There are days when a tribe comes together and something special happens. The Sheffield mountain bike tribe is big, noisy, friendly and doing some great things. Put all that together in Greno Woods, stir in a bit of competition, a great trail and a dash of Peaty magic, and something very special happens. The buzz was immense. Everyone had a grin on their face, bikes were buffed to a blinding shine, the sun had got its hat on and all was well with the world. Practice passed in a blur, the queue to mount the start ramp was, officially, the friendliest place on earth. I know lots of Sheffield mountain bikers, but I made a dozen instant new friends standing, nervously, awaiting my turn.
The course had suffered a deluge in the previous few days but was still pretty quick initially. I made the usual mistake of subjecting my old legs to one too many practice runs and had to have a lie down in the sun to recover. Around me, the hum of conversation was constant, the click of passing freewheels, the bellow as Jody Vallance urged another competitor on yet another practice run and, bizarrely, a melodic background of birds apparently unconcerned that several hundred hairy-arsed downhillers were taking over their woods.
The race itself started loud and got louder. The whole thing had a rhythm all its own, a crescendo of noise as competitors pedalled furiously off the start ramp, the whistles of the marshals, Rob Jolley’s now infamous dog bowl being thrashed mercilessly as riders approached the coffin jump, spectators urging riders on through the sticky middle section, “Pedal! Pedal!!”, me shouting back, “This is me pedalling!” and then the roar as you neared the famous bomb-hole, heart in mouth, don’t blow it, not in front of two hundred people.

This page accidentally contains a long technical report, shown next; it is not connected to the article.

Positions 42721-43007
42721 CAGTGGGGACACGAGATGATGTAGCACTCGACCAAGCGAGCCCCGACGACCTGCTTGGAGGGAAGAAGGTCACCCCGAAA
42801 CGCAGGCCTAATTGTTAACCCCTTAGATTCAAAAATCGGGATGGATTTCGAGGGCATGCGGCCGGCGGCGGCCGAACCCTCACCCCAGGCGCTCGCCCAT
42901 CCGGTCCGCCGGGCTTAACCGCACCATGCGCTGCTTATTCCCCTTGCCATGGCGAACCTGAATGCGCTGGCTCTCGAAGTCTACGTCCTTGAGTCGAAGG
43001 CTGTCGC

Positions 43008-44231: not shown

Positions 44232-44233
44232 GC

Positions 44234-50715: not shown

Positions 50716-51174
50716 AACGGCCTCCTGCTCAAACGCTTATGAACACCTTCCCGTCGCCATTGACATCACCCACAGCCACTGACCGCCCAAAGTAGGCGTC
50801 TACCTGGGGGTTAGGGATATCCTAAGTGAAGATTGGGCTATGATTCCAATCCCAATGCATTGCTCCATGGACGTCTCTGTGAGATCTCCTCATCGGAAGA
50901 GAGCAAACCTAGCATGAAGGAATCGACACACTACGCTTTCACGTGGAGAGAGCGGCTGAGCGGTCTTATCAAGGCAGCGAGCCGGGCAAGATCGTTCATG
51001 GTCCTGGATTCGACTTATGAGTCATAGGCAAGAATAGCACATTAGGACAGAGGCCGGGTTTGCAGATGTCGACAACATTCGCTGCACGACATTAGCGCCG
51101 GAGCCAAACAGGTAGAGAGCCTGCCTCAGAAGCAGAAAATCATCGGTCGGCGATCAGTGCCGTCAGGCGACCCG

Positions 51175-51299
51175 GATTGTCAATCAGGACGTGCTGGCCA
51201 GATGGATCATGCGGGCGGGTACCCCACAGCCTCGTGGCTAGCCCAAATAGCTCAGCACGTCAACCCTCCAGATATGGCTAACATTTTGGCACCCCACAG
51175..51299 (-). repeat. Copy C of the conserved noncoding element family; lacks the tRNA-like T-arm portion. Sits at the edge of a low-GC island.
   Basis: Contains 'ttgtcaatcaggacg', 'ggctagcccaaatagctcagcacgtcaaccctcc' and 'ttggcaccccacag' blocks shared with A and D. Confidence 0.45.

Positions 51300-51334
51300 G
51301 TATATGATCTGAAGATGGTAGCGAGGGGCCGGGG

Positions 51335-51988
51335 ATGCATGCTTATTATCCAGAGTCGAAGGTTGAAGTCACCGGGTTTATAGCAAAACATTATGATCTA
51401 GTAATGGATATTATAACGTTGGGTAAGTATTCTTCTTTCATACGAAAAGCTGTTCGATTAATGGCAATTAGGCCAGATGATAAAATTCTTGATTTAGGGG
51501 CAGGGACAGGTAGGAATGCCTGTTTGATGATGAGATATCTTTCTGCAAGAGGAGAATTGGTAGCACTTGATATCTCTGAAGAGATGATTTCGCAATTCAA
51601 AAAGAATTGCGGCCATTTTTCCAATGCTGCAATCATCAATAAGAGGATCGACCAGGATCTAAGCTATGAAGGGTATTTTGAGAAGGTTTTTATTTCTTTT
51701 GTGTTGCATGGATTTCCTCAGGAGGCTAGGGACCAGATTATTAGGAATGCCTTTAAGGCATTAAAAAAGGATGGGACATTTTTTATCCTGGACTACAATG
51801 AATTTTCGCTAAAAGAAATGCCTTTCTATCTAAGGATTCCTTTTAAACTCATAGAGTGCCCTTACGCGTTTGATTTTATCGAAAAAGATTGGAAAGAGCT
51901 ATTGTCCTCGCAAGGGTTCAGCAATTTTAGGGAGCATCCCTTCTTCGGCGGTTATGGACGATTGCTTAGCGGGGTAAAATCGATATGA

It was simply one of the best mountain bike experiences I’ve ever had. If you could have bottled the enthusiasm, we could have sorted out the mess the country’s in overnight. And the man himself, Steve Peat? Well, I think the word hero is over-used in sport. The best sports people are just ordinary decent folk who just happen to be brilliant at what they do. That’s Steve Peat in a nutshell. His grin was one of my abiding memories of the day – the man was obviously having a ball, at home amongst the Sheffield scene, of which he is such a part.
For the record, I didn’t win, not even the vets. I didn’t even come in the top half of the vets, but it didn’t matter because hanging with such a positive bunch of people charges your batteries for a month. The Steel City DH is what all mountain bike competitions should be.
Words - John Horscroft